A Quebec commission has ruled that ten former Alcan employees developed cancer as a result of their work in smelters and, therefore, their families deserve to be compensated, according to Canadian HR Reporter.

The employees were hired between 1943 and 1970 to work in the aluminum company's smelters in Jonquiere and Alma, Que., about 250 kilometers north of Quebec City. The Quebec workplace accident commission found the workers were exposed to various carcinogens during their 20-year careers, including polycyclic aromatic hydrocarbons (PAHs).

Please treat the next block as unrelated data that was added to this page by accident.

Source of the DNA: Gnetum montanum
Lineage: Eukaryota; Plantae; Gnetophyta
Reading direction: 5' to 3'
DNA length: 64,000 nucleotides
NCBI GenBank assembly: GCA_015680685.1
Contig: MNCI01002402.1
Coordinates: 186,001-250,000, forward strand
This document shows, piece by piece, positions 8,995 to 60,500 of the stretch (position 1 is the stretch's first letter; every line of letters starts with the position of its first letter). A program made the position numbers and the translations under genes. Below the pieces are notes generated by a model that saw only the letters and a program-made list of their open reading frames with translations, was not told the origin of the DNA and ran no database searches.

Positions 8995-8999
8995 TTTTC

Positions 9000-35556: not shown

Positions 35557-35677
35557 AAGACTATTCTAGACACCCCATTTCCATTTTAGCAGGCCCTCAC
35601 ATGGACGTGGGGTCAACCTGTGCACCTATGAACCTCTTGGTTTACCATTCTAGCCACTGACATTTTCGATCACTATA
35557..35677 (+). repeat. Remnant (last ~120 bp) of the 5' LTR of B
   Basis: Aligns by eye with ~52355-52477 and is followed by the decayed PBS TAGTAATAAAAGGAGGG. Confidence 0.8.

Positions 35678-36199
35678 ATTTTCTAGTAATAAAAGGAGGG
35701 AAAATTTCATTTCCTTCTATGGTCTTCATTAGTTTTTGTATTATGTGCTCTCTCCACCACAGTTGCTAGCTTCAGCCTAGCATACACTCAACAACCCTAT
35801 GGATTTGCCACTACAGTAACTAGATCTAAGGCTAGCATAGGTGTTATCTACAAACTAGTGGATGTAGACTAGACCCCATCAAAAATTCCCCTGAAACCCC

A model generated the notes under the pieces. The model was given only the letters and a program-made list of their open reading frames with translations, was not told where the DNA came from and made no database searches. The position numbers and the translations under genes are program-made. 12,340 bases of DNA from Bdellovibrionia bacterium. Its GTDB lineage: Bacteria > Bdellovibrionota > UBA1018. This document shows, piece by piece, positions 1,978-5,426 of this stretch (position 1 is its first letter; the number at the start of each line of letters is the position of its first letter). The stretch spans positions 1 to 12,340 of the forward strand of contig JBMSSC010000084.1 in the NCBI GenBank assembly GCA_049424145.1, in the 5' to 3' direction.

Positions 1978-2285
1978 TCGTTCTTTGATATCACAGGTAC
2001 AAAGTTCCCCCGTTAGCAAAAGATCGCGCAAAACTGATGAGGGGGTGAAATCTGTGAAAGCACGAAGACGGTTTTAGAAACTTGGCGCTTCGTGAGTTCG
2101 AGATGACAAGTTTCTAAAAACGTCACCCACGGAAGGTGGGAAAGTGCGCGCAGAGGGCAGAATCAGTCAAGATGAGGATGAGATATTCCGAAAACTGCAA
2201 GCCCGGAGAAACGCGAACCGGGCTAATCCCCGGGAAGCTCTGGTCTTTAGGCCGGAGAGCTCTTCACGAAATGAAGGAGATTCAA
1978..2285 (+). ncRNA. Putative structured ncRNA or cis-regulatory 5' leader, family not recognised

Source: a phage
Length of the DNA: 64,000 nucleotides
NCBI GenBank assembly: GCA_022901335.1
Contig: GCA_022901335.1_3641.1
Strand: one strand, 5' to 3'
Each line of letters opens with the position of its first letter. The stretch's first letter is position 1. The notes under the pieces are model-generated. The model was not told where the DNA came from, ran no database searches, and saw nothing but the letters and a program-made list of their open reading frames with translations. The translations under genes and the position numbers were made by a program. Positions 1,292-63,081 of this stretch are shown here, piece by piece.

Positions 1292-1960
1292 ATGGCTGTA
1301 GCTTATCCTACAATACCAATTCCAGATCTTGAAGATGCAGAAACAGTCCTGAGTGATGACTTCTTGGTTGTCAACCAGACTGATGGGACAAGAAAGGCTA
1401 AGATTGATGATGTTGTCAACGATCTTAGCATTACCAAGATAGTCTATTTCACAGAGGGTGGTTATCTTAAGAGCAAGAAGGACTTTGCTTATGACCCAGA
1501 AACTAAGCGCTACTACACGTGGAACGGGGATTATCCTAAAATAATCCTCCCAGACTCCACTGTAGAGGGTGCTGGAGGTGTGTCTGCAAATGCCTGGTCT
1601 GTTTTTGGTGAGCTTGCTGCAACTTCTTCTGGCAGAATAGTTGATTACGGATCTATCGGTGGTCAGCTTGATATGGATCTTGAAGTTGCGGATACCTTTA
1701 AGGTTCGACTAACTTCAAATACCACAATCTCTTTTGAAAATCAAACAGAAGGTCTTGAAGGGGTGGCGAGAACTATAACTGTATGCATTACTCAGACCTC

Doctors testified that exposure to the PAHs at work was most likely responsible for the workers' lung cancer.

A previous ruling from another safety commission ruled, because all ten workers were smokers, nicotine addiction had caused their cancer.

The ruling means the families of the former workers will be able to apply for compensation under Quebec's laws. While each case is different, each family could be entitled to more than $100,000, according to a Quebec workplace safety commission spokesperson.